IMPROVING IRRIGATION MANAGEMENT AND ROW COVER USE IN STRAWBERRY PRODUCTION IN THE MID-ATLANTIC REGION
Publication or External Link
Irrigation strategies that reduce water application and improve water use efficiency could be useful in strawberry production, to save water and reduce the environmental impact of nutrient leaching. Therefore, the effect of moisture availability on the physiology, growth, yield and fruit quality of strawberry (Fragaria X ananassa) was studied under field and greenhouse conditions by implementing deficit irrigation at decreasing matric potentials. Incremental drought stress significantly affected crop physiology, growth and yield, but not fruit quality. The results revealed both physiological and morphological adaptations of strawberries to incremental drought stress that are typical of isohydric plants. Since reduced irrigation applications led to proportional yield losses, there was no significant improvement in the irrigation water use efficiency/water productivity of the crop. Economic analysis showed that the loss of revenue as a result of reduced yields was of a much higher magnitude than the savings associated with reduced irrigation application, making adoption of reduced irrigation strategies such as deficit irrigation unlikely. Nevertheless, results revealed that soil moisture measurement-based irrigation management can be used to improve current (excess irrigation) grower practices, without impacting revenue.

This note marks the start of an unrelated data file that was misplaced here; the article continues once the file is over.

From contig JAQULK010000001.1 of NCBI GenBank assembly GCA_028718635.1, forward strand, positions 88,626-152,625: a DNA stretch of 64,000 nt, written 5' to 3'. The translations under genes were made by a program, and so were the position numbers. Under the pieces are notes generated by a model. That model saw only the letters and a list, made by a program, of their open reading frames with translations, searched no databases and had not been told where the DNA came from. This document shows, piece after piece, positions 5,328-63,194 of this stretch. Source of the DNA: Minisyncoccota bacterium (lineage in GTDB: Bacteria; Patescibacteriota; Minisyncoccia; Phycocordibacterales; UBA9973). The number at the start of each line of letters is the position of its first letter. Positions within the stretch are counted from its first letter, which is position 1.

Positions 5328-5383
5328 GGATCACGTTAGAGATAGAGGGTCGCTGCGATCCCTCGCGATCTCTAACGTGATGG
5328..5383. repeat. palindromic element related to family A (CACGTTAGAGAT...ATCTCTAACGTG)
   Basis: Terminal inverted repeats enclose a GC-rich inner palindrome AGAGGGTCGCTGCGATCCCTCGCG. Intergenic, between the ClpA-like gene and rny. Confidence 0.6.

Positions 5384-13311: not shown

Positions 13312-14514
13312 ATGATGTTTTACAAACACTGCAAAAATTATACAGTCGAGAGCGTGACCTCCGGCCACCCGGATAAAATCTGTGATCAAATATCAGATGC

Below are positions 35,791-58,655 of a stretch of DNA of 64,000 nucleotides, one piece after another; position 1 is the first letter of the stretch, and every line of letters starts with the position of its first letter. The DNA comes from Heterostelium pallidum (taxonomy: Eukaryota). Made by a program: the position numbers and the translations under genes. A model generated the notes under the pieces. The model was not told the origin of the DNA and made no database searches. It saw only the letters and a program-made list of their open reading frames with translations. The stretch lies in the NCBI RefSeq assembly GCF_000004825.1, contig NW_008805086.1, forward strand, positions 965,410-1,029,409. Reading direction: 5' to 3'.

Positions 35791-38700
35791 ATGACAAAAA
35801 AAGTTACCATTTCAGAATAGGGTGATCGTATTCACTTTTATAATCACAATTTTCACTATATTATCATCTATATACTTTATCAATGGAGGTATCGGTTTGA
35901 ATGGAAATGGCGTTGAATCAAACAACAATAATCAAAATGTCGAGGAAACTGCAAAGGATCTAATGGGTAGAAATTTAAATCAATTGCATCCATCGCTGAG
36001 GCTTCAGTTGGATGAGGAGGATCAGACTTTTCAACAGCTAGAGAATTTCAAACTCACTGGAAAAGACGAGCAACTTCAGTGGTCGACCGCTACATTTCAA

The effect of row covers on canopy and soil temperature, was studied in plasticulture strawberry production to more quantify their effects on crop phenology and frost mitigation. Row cover use increased the average temperature measured in the canopy and soil by 6.9 and 9.8%, respectively. Although this seems relatively insignificant, these temperature increases translated to an 84 and 122% increase in growing degree-day accumulation at the canopy and in the soil during a fall study period. In addition, increases in soil temperature were positively correlated with soil moisture. These results indicate the advantages that row covers can provide to growers, as a tool to enhance plant growth and for freeze and frost protection of plants. However, growers need to monitor environmental conditions at canopy level under row covers and in the ambient air in order to gain these benefits without negative consequences for yield.